NHS AI Lab Foundation Trust
Brexit-related uncertainties have also played a role in complicating the movement of medical supplies across borders. Isabel INFANTES/AFP News

The National Health Service (NHS) is grappling with a severe shortage of essential medicines, putting the lives of patients at risk across the United Kingdom.

Unreleased data discloses that the quantity of products facing shortages has increased twofold within two years.

The shortage has been attributed to a complex combination of factors, including disruptions in the global supply chain, increased demand and challenges posed by the ongoing COVID-19 pandemic.

The most recent addition to the UK's drugs shortage list is a treatment designed to manage epileptic seizures.

This list already encompasses medications for a wide array of conditions, ranging from cancer to schizophrenia and type 2 diabetes.

The causes behind this crisis are believed to stem from the declining purchasing power of the pound following the Brexit referendum.

This decrease has constrained the NHS's ability to procure medications from abroad. Additionally, a government policy imposing taxes on manufacturers has further exacerbated the situation.

According to figures from the Department of Health and Social Care (DHSC), shared with the British Generic Manufacturers Association, the shortages list comprised 111 drugs as of October 30 last year, decreasing slightly to 96 by December 18.

However, notifications regarding the limited supply of an additional 10 treatments to NHS providers in the UK have been issued since that time.

This represents a notable 100 per cent surge in shortages compared to January 2022, with pharmacists and health charities raising alarms about the deteriorating conditions of some patients due to these shortages.

The gravity of the situation underscores the urgent need for comprehensive measures to address the root causes and ensure a reliable and sustained supply of essential medications for the well-being of the population.

One of the major contributors to the current crisis is the global supply chain disruption, exacerbated by the pandemic.

With many pharmaceutical companies relying on an intricate network of suppliers and manufacturers worldwide, any disruption in one part of the chain can have a cascading effect on the entire system.

Brexit-related uncertainties have also played a role in complicating the movement of medical supplies across borders.

Over the last year, Delyth Morgan, the CEO of Breast Cancer Now, revealed that her organisation has been approached by numerous patients struggling to obtain the necessary medications to manage the progression of their illness.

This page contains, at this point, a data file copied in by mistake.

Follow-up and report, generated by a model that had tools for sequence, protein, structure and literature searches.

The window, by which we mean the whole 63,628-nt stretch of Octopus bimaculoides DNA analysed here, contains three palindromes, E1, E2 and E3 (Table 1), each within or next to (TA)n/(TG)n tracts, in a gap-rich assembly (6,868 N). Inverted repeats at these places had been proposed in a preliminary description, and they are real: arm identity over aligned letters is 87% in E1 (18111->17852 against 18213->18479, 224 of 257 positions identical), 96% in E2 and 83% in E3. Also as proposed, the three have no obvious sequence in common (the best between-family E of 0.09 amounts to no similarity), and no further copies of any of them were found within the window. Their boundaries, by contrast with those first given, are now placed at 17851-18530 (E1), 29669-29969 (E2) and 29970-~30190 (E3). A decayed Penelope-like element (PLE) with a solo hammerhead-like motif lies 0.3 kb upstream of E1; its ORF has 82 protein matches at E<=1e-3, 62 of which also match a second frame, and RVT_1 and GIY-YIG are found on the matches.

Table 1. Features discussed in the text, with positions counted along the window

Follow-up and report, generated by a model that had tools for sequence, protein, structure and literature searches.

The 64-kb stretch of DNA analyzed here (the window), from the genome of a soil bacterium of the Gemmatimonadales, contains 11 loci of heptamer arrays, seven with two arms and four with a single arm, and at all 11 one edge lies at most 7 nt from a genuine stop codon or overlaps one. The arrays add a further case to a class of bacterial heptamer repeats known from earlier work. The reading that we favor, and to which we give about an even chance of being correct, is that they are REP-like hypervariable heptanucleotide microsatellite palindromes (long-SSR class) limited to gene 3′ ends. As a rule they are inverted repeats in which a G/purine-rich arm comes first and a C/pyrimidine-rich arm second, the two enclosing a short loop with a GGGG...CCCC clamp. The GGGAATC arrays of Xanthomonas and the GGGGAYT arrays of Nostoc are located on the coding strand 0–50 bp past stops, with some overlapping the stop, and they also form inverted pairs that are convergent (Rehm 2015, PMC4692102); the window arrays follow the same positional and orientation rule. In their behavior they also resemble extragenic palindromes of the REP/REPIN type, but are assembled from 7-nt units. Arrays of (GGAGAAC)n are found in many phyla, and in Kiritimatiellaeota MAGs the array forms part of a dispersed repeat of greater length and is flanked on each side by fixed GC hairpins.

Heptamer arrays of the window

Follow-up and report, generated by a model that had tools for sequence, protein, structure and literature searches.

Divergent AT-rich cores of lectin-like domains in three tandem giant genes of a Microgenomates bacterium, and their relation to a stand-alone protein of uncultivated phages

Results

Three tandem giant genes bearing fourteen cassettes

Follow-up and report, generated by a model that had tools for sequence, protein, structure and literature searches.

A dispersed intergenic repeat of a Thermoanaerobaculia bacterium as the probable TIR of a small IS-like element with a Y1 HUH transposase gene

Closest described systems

She said: "Last year many people shared with us, via Breast Cancer Now's helpline, that they'd been facing difficulties accessing their hormone treatment including letrozole, anastrozole and tamoxifen, causing them huge worry and anxiety. Trying to track down a treatment by travelling to a number of different pharmacies is an added burden for patients at an already difficult time.

"It may also sometimes be that certain brands of drugs are out of stock and people may have to switch to another brand or different drug. In the worst case someone may have a period of time without the medication, a drug which could help reduce the risk of their breast cancer coming back or spreading."

The conflict in Ukraine and disruptions in global supply chains have had widespread repercussions on the drug supply across various European nations.

Apprehensions have arisen regarding potential market instability, particularly in light of the violence in the Red Sea, a crucial shipping corridor for essential ingredients.

Despite the UK's departure from the EU, the European Union has recently taken measures to establish a stockpile of critical drugs and enhance domestic production.

This move signifies a proactive response to the challenges posed by geopolitical conflicts and disruptions in global trade.

Notably, there have been documented shortages in products related to hormone replacement therapy and attention deficit hyperactivity disorder.

These shortages can be attributed, at least in part, to increased demand, underscoring the need for strategic solutions to ensure a stable and reliable drug supply for patients.

As the NHS grapples with the medicines shortage, the clock is ticking for patients whose lives depend on timely access to medications.

Urgent and coordinated efforts from the government, pharmaceutical companies and healthcare professionals are imperative to safeguard the health and well-being of the population and prevent a healthcare crisis of unprecedented proportions.